The Smoking Debate Essay Research Paper The

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The Smoking Debate Essay, Research Paper The anti-smoking debate is one surrounded by much controversy and coverage, but with slightly lacking in relevant documentation. Although there are many smokers out there who feel that their rights are being ignored, they will not speak out due to the public outrage against Pig-headed Smokers and the like. This has meant that I have had some difficulty in finding articles that are pro-smoking. The first article that I am analyzing is Tobacco attack smokescreen for vested interests , first published in The Times of London, but reprinted in The Australian on the eighth of March this year. This article is both anti-smoking and anti-drinking, and it uses the smoking debate to make a lengthy introduction to the second contention. The

article begins by talking about the sponsorship of Formula One racing by tobacco companies. At the start of the article, the author Simon Barnes is discussing the launch of a new tobacco sponsored motoring team, British American Tobacco. He describes the debate with the members coughing and spluttering on their own self-righteousness , a parody on the common view of smokers as sick and choking individuals. This sheds a light of comedy on the issue, and allows people from both sides to relax into the article. The next paragraph brings the main contention of the first half of the article into the light. The most evil thing on earth is tobacco sponsorship in sport. This is a theme that has been very popular over the past few months, and it is no surprise to find it here. This

sentence brings us to believe that the author is anti-smoking, but this belief is then dashed by So I have read, anyway. This sentence supports the previous sentence, by telling us that it is written, but makes the point that he does not believe it. Also, by avoiding a firm statement it keeps the article light-hearted. It is difficult to respond negatively to that statement from either view, as it is neither confirming nor denying the fact, but merely presenting an issue and editorializing it. In the sixth paragraph the author changes his tone. By asking the question Why is tobacco sponsorship immoral? and answering with the main arguments against smoking, using words such as dangerous, drug and addicted. These are power words, designed to shock us into a fear of the product. In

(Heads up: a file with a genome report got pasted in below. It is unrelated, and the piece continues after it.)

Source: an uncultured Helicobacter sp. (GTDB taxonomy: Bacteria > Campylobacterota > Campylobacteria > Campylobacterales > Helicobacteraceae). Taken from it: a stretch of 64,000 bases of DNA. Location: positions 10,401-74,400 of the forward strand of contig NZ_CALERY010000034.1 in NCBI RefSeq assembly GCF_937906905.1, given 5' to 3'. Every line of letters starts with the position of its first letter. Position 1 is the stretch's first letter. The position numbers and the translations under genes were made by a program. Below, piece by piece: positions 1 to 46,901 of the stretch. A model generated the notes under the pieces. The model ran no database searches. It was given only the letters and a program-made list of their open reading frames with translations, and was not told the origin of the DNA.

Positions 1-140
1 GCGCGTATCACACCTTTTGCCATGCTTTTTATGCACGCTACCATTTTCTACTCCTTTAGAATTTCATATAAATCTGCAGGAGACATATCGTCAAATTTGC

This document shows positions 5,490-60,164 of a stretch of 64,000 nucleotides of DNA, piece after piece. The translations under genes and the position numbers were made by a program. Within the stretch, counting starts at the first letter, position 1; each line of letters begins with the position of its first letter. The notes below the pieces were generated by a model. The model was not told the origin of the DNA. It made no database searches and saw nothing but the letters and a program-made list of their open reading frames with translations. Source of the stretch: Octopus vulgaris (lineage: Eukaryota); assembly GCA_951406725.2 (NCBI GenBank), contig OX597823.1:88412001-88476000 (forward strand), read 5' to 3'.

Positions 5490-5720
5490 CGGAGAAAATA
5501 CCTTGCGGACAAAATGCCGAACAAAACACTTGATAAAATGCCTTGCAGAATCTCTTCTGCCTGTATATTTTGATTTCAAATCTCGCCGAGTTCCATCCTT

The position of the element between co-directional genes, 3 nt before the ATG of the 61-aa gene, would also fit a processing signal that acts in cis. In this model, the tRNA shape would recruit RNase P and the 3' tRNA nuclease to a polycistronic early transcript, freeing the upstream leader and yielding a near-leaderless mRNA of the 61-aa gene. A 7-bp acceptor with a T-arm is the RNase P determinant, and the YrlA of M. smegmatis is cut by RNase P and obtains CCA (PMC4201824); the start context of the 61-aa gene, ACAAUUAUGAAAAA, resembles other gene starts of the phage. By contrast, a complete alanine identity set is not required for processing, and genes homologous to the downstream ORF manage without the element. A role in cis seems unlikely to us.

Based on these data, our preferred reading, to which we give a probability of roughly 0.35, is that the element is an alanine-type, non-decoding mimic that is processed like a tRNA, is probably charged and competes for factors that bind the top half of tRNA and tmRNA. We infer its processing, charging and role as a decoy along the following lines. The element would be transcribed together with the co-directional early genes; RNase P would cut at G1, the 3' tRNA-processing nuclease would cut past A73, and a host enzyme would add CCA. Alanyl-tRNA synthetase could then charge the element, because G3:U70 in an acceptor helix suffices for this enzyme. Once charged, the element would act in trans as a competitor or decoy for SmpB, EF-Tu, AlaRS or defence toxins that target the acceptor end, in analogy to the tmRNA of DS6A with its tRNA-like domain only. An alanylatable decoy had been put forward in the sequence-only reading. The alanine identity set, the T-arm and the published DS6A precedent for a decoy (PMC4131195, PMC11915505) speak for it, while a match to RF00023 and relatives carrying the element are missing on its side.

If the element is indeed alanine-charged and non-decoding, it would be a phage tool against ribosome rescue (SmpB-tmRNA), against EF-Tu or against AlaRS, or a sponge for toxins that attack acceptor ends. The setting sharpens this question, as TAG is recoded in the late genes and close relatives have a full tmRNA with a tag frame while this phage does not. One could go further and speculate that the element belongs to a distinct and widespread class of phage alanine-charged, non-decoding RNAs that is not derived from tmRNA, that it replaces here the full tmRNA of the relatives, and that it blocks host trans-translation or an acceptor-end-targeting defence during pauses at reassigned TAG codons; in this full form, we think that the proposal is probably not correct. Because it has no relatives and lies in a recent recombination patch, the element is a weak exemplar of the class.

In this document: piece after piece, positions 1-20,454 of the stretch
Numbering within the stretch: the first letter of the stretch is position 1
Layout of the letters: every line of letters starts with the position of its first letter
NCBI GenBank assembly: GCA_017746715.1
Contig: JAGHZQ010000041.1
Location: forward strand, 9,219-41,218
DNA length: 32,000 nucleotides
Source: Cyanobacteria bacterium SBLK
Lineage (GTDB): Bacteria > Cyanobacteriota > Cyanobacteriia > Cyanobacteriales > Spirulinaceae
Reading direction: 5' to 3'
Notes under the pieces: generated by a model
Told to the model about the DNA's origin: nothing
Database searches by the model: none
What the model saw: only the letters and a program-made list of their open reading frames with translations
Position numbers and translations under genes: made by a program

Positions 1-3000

the following paragraph, Mr. Barnes gives the four main arguments against smoking. Tobacco can kill you, it shortens your life, it affects other people s health, it affects the health of the unborn. This sways us against the idea of smoking, for who could argue that these effects are good? In the eleventh paragraph, the author compares tobacco with cannabis, cocaine and LSD, in terms of the ridiculousness of sponsorship. Although in the next paragraph he dissuades us from this idea, the thought has already been planted in your mind. The overall feel of this article is that the author is knowledgeable and well-researched into his area of writing, and that we are hearing this information from a friend: he maintains an easy and relaxed atmosphere throughout the entire piece. The

second article that I am analyzing, Welcome to nicotine nirvana is by Philip Broughton of The Daily Telegraph. This article was reprinted in the Sunday Age, on the 10th of January. This article is the closest that I have found to pro-smoking. The opening sentence is New York s draconian anti-smoking laws bring out the anarchist in even the most mild-mannered of visitors. Most notable in this paragraph is the reference to the laws being described as draconian. This sets the scene for the rest of the article: Poor smokers being oppressed by the evil government. This setting is followed further by the description of visitors as anarchists fighting for their right to smoke. Further down, in the fifth paragraph, the article actively promotes smoking. The message is simple: you can say